Mercury vote highlights need for a new Great Lakes mindset
This falls in the category of things that are so bizarre that you can’t make them up.
Last week nearly one-third of Great Lakes senators voted against protecting citizens – especially women of child-bearing age and children – from the effects of mercury pollution.
Their vote is bizarre because the health risks from mercury emissions are serious and have been known and accepted for years.
Mercury is a neurotoxin that “can adversely affect a baby’s growing brain and nervous system” according to the USEPA website. Put in simpler terms the EPA says exposure to mercury impacts a baby’s “cognitive thinking, memory, attention and language….
This bears repeating.
Mercury is a neurotoxin that “can adversely affect a baby’s growing brain.”
What more is there to say!
The senate vote was on a technical piece of legislation that if passed, could have rolled back protections against mercury pollution from power plants. It was introduced by Sen. James Inhofe of Oklahoma and wrapped around job protection language.
The Inhofe legislation was defeated by a 53-46 vote but here’s the troubling part.
Those five senators from the Great Lakes region who voted for the legislation. The Republicans are senators Pat Toomey from Pennsylvania, Rob Portman from Ohio, Dan Coats and Richard Lugar from Indiana, and Ron Johnson from Wisconsin.
Their vote is perplexing because the Great Lakes region has long had a mercury problem based on emissions from power plants. A vote against the Inhofe proposal should have been a layup for every senator from the region.
Mercury is a “major concern.”
The Great Lakes Commission reported in 2011 that “mercury pollution remains a major concern in the region and the scope and intensity of the problem is greater than previously recognized.”
The Natural Resources Defense Council, citing EPA data, released its own mercury pollution report on June 8. It said Ohio is the worst Great Lakes state offender, emitting 21 percent of all mercury pollution in the region.
That makes the vote by Portman, Ohio’s senator, all the more incredulous.
Wisconsin’s Johnson also voted for Inhofe’s proposal, which is really tough to understand. Mercury bio-accumulates in the fatty tissue of fish and if there is a state that loves to fish it’s Wisconsin.
What does Johnson’s vote say to the Badger state’s 1.4 million licensed anglers?
Neither Portman’s nor Johnson’s office responded to a request for comment.
But the NRDC did.
“It seems like we’ve been battling mercury in the Great Lakes forever. We cannot fix it, or rid the Lakes of this destructive neurotoxin if our officials vote to put pollution over people” said Josh Mogerman, the NRDC’s national media director.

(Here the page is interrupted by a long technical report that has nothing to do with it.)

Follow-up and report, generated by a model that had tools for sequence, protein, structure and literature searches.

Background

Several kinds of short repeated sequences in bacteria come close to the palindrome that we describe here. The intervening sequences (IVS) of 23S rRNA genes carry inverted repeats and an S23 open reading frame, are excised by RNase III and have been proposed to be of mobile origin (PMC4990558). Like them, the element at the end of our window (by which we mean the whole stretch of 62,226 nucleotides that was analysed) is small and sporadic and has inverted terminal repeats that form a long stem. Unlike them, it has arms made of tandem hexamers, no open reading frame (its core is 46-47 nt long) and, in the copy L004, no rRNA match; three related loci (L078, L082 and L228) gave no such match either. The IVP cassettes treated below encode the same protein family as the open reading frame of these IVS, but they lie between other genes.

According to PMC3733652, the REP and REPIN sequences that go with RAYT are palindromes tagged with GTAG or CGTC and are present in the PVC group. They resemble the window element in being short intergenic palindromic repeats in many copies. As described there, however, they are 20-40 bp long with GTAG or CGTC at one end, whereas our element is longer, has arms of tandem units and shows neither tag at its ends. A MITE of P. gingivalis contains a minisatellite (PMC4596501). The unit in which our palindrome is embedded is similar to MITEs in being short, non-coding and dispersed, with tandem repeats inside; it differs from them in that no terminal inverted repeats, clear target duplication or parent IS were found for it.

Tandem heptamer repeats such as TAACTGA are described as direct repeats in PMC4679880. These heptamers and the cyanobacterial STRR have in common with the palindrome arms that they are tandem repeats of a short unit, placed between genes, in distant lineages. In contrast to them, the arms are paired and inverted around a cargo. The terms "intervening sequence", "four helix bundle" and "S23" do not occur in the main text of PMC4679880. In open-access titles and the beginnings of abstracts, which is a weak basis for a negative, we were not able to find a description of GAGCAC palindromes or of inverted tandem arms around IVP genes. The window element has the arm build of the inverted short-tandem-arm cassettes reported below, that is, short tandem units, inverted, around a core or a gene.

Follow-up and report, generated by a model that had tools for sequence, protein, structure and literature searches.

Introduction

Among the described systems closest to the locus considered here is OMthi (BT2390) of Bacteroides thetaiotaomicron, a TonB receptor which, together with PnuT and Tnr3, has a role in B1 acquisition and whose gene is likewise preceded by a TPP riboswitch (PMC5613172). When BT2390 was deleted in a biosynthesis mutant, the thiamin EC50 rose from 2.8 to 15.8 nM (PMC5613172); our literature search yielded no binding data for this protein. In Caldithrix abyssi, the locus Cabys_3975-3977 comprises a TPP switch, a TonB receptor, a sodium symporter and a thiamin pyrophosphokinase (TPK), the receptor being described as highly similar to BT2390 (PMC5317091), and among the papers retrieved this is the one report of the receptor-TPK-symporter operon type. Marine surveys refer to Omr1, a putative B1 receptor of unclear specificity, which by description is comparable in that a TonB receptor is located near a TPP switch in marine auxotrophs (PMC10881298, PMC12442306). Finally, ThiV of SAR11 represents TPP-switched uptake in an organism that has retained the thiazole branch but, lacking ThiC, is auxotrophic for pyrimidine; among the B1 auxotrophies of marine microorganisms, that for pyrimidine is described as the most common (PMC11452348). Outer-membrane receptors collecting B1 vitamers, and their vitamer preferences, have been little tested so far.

Politics trumps clean air and water
The Inhofe legislation certainly wasn’t about protecting citizens from the effects of mercury pollution. It wasn’t even about jobs, though that was the crutch used by its weak, politically motivated supporters.
It was about letting election year politics trump the health and well-being of people, especially women and children. It was about the misguided legislative faction that wants to blame the USEPA for the nation’s economic ills.
The fact that five Great Lakes senators voted to weaken protections from mercury is a bad sign for the region. It will never shed its rustbelt moniker or reputation as a home to mercury pollution by living in the past.
Portman and Johnson are both new to the senate, coming in with the 2010 class. They have no Great Lakes credibility and took a step back from establishing it by their action on the mercury issue.
Portman especially needs to get the Great Lakes right as he represents Lake Erie, the most vulnerable of all the Great Lakes.
A new Great Lakes mindset
There is a bigger issue at play here than just an ill-intentioned piece of election year legislation which ultimately failed.
It’s our mindset. Out of necessity we’re still reacting, cleaning up our messes from the past.
EPA administrator Lisa Jackson has said she wants a “new standard of care” for the Great Lakes. The restoration initiative is the first step in that direction. But it’s a baby-step.
As a unified region we need to embrace a new mindset about our Great Lakes and the region’s economy. It should be one that:
- Stops clinging to the jobs versus the environment mantra
- Prioritizes action over advising, monitoring, measuring and study
- Invests in infrastructure to keep sewage out of our drinking water
- Where sixteen senators from both parties stand shoulder-to-shoulder and say the Great Lakes will no longer be a mercury dumping ground.
Illinois politicians should protect the Great Lakes and economic development by taking the Chicago waterways system from the 19th to the 21st century. Ohio shouldn’t let business write the weakest water conservation law in the region. And Michigan shouldn’t allow its water to be commodified, bottled and exported by corporate interests.
Unfortunately, administrator Jackson’s “new standard of care” and a forward-looking Great Lakes mindset appear to be far in the future. Recent events indicate they may never materialize.
If we needed evidence of how far we have to go, the mercury vote of those five senators provided plenty.
Their path leads to more of what got us where we are: In need of a new mindset and “standard of care” for the Great Lakes.